Wednesday, August 26, 2009

Saturday, August 15: Feast of the Assumption

All the other *real* Catholic bloggers wrote about the Feast of the Assumption last Saturday, when that illustrious feast was actually celebrated (and NOT on Sunday, mind you). I, on the other hand, was blogless last Saturday. Once I got blogged, I scheduled my Assumption comments for August 22, one week after the feast. But yard sales, houseguests, and trips to Charlotte (pics coming) kept me from my task.

Now, in a moment of repose, I would like to recall this lovely feast, which I celebrated sans husband while on a trip home to Kansas City. I attended Mass on Saturday at the gorgeous restored parish, Old St. Patrick’s Oratory in KCMO, pictures found here

(At their website you can read about St. Pat’s fascinating history. After many years of near-vacancy and neglect, the parish was recently resurrected as a Latin Mass community with the dedicated support of Bishop Robert Finn. Though I am what one would call a “Mad Trad,” I have a deep and growing respect for the Mass in the Extraordinary Form. I plan to blog about this at some point as I have many strong and more or less well-informed opinions regarding the liturgy.) 

Back to Our Lady of the Assumption:

One of the texts I heard at Mass is found in Revelation 12:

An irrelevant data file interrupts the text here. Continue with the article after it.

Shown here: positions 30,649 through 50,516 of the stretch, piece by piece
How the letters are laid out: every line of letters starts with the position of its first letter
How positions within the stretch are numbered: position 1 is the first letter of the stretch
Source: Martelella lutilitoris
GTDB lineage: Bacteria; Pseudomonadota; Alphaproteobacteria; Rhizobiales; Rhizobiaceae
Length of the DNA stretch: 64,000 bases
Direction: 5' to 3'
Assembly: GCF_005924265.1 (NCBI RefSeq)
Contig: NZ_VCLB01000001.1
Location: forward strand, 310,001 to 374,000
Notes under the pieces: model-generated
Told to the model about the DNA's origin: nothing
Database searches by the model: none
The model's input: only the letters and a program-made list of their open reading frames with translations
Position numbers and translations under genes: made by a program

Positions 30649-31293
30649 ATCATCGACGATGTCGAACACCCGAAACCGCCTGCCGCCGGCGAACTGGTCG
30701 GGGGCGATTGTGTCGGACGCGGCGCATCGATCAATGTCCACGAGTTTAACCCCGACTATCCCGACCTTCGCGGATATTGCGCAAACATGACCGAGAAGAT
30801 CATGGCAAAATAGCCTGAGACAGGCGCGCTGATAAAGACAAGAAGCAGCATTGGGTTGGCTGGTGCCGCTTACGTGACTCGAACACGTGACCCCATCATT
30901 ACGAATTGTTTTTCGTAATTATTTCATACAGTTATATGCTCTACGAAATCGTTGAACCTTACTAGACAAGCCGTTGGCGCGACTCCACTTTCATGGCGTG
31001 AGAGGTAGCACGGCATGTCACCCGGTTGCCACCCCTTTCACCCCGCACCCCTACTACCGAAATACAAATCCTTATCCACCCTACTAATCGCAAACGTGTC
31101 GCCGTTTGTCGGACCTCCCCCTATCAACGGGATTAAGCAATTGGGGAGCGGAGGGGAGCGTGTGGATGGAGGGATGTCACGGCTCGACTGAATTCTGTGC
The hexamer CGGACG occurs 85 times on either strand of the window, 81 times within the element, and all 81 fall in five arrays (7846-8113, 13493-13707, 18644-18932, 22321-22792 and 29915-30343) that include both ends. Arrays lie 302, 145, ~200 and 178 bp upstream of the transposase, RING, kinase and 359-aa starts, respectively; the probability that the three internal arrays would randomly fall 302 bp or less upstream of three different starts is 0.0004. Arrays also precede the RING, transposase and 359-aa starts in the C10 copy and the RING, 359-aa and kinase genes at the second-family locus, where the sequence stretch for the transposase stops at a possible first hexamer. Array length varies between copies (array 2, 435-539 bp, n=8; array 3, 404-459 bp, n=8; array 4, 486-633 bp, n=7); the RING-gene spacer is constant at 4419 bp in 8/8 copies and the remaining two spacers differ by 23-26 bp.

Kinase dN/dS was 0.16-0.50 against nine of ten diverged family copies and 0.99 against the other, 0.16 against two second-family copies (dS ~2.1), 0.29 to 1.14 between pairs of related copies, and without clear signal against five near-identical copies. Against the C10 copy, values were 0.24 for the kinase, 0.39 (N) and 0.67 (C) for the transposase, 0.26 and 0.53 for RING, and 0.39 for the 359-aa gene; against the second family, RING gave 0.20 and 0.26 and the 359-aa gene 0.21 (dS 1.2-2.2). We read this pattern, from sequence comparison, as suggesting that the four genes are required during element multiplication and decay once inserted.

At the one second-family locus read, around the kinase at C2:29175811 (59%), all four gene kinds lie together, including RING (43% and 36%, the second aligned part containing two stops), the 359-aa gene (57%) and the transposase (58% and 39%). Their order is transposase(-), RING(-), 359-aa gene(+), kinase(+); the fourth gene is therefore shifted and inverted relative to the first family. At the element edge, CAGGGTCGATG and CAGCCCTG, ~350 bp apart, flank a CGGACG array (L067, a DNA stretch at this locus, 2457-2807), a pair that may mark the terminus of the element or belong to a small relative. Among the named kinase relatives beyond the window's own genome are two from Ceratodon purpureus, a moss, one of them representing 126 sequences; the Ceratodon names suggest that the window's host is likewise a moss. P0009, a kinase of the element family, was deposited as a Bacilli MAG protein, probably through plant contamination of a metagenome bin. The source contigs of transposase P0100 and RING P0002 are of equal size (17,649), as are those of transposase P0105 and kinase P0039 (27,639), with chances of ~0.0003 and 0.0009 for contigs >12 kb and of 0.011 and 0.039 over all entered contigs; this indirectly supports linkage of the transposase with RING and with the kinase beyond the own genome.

And a great sign appeared in heaven: a woman clothed with the sun, with the  moon under her feet, and on her head a crown of twelve stars. She was pregnant and was crying out in birth pains and the agony of birth.” And later: “She gave   birth to a male child, one who is to rule all the nations with a rod of iron, but her child was caught up to God and to his throne, and the woman fled into the wilderness, where she has a place prepared by God, in which she is to be nourished…

On this Day and with this reading Christians are allowed to witness the ultimate glory of Our Lady, who appears in the heavens as a perfect picture of the Christ-redeemed Church—and indeed of Christ-redeemed Reality. How fitting, how right, that Mary who was with Christ from the beginning—in His conception, birth, agony, death--should be with him in his Resurrection. How right that she should be Assumed, taken up/into the glory of already-redeemed/being-redeemed eternity.